Bradley Cooper’s “A Star is Born” has built up such rabid hype, to the point of many film critics already calling it the slam-dunk Best Picture winner, that it almost seems destined to disappoint. If one is dead-set on this being the Great Modern American Musical, then it may very well come up short. But it is still a very good modern American musical, and that is worth something.

This is the fourth incarnation of “A Star is Born,” and even if you have not seen any of the other versions, this movie’s plot should not be a surprising one. It is a rise and fall story, the rise belonging to an up-and-coming singer and the fall belonging to her mentor and lover, a successful singer fighting a losing battle against alcoholism.

Cooper plays the washed-up one, alt-country superstar Jackson Maine, and Lady Gaga plays his protege, Ally. That the movie works as well it does is largely on the shoulders of their incredible chemistry together, both in dialogue scenes and when they are singing together.

Cooper and Gaga also do great work separate of each other. Gaga has been so good at cultivating personalities in her music that it comes as no surprise that she does a great job inhabiting this character, never getting making Ally’s working-class affections too over-the-top. And Cooper is terrific, playing a shambolic kind of charming that is easy to love when he is sober and easy to be repulsed by when he is drunk.

Cooper and Gaga are the center of the movie to the extent that most of the supporting cast are relegated to bit parts. But there are standouts outside the main duo, particularly Sam Elliott as Jackson’s older brother. He delivers the gruffness one expects from a Sam Elliott performance, but what sticks with you is his soulfulness, and how he portrays brotherly love soured by having to deal with years of debauchery.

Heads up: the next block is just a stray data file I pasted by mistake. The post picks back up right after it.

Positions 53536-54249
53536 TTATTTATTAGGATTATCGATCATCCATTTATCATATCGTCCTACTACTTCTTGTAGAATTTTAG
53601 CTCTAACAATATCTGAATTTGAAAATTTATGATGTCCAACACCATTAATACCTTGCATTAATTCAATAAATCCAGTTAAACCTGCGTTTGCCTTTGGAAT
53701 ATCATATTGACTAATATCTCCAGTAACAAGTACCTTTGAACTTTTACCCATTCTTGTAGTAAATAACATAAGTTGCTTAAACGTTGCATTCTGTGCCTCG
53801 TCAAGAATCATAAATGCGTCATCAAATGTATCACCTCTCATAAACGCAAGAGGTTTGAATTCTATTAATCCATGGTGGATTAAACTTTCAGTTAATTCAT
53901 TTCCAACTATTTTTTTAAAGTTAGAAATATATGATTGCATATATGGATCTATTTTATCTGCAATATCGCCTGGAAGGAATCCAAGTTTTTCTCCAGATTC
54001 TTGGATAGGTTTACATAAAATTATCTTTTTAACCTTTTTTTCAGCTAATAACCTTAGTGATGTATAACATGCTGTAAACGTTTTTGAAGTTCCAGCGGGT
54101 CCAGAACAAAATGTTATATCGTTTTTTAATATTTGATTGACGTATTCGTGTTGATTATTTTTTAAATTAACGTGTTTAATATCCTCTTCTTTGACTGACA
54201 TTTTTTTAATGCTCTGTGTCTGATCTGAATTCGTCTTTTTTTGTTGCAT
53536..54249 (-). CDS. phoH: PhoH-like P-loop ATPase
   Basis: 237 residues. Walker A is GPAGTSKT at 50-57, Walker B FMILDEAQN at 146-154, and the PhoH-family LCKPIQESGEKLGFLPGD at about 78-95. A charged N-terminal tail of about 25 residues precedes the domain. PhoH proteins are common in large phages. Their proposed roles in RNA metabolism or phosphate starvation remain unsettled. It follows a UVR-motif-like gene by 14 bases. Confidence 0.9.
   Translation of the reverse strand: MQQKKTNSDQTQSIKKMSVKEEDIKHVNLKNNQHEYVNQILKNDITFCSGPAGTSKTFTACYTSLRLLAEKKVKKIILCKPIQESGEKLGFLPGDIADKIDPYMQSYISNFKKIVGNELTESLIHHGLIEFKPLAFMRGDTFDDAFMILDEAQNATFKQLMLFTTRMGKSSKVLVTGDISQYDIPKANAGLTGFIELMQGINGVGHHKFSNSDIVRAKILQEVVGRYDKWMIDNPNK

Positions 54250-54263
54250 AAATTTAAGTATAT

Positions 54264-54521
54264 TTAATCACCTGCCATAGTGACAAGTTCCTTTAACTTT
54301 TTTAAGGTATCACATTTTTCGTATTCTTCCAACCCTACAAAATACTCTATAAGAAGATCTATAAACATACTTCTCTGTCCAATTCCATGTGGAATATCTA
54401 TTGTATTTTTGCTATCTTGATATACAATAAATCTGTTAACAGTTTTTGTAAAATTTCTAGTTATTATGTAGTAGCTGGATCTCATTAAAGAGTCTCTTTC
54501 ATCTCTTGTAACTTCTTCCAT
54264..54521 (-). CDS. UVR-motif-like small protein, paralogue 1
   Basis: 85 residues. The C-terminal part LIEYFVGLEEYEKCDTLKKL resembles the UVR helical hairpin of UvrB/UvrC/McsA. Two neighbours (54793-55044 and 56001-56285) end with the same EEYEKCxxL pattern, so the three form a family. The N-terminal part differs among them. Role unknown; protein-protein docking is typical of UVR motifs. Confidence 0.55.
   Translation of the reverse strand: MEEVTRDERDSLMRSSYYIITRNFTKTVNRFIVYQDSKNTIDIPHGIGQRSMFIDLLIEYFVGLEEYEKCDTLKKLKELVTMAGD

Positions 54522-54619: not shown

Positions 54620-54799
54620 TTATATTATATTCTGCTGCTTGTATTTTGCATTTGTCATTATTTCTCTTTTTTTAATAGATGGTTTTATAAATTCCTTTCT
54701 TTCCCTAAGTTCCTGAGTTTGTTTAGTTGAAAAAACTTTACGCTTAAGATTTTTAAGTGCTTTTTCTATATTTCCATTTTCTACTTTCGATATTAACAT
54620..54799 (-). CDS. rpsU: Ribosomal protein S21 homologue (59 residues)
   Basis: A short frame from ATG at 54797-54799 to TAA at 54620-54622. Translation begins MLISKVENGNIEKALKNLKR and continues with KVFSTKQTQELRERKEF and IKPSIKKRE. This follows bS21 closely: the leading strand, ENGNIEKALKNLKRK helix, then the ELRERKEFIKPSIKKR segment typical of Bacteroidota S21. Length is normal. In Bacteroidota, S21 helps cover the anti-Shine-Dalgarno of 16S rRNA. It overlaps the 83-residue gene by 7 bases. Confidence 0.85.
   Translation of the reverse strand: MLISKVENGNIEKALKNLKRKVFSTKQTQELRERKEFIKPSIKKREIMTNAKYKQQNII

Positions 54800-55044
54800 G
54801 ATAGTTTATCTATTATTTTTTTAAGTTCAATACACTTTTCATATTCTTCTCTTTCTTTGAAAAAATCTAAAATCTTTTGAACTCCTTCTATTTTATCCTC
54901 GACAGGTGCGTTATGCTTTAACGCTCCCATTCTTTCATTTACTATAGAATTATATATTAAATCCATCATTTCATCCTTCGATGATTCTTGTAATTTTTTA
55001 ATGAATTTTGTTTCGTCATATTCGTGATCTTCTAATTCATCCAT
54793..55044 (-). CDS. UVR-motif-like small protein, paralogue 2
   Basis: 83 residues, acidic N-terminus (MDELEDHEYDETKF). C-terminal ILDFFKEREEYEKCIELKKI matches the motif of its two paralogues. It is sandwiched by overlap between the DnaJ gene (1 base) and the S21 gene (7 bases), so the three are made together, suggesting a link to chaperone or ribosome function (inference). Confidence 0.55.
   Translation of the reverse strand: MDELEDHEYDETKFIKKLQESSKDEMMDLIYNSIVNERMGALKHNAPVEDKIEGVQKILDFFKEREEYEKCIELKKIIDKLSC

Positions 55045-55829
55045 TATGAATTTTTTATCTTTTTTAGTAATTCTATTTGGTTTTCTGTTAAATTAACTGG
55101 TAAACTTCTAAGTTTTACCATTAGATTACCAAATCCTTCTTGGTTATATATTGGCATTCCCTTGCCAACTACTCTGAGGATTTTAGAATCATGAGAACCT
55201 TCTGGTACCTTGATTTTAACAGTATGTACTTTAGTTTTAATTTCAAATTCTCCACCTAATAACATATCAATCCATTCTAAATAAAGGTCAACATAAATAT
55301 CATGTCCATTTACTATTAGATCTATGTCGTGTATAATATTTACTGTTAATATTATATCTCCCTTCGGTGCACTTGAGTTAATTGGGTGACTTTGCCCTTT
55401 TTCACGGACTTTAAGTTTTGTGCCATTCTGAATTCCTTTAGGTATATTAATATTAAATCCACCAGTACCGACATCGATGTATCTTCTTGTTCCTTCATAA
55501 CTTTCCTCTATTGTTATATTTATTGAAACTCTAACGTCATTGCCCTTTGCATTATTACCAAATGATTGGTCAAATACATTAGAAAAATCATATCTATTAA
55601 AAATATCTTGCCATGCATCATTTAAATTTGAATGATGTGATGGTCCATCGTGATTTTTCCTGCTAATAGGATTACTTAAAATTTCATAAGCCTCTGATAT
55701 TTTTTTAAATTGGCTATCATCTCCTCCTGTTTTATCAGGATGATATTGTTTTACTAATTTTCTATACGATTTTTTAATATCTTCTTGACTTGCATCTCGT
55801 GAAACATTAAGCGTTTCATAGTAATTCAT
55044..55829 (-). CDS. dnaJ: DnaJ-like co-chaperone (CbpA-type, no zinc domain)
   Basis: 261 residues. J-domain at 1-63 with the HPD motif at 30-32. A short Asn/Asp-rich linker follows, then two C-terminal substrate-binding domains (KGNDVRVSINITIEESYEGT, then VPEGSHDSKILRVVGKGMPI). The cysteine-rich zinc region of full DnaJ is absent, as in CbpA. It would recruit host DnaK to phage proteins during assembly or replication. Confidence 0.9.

As good as Cooper is in front of the camera, he shows the most talent behind the camera. For a first-time director, he shows surprising proficiency with the music, crafting catchy tunes that make perfect sense as hits within the film’s universe. And the staging and mixing of the musical numbers is superb, with sound artfully cutting out and coming back in.

The film is as great to look at as it is to listen to. Working with Darren Aronofsky’s cinematographer Matthew Libatique, Cooper crafts a style that melds documentary-style handheld and gorgeously unnatural colored lighting, bathing scenes of passion in vivid reds and blues. The style manages to perfectly combine the folksy naturalism Cooper aims for and the story’s inherent melodrama.

That combination is tricky, and Cooper the director pulls it off better than Cooper the writer. He at least gets it right for the first part of the film. The first hour or so is basically perfect, sweeping the viewer up with so much unforced charm and fun that they happily accept the cliches in front of them. As the film enters its second half, however, the cliches start feeling more obvious and rickety.

A plot thread of Ally becoming a pop star feels false in a movie that otherwise attempts for verisimilitude. The turn from her singing earnest love songs to her singing vacuous pop songs about butts is much too sharp, and her snooty British manager is the one character who never rises above stereotype. And Jackson’s downward spiral is strictly standard-issue, no signposts for a bottoming-out alcoholic that we have not seen before.

That being said, the film does right itself in its last five minutes, and even if it did not, what it gets right is so good that the weaker portions can be partially forgiven. It is yet to be seen if it will prove to be the Oscar juggernaut some are predicting, but separate of the hype, it is quite good and a most auspicious directorial debut for Cooper.

About The Author

Related Posts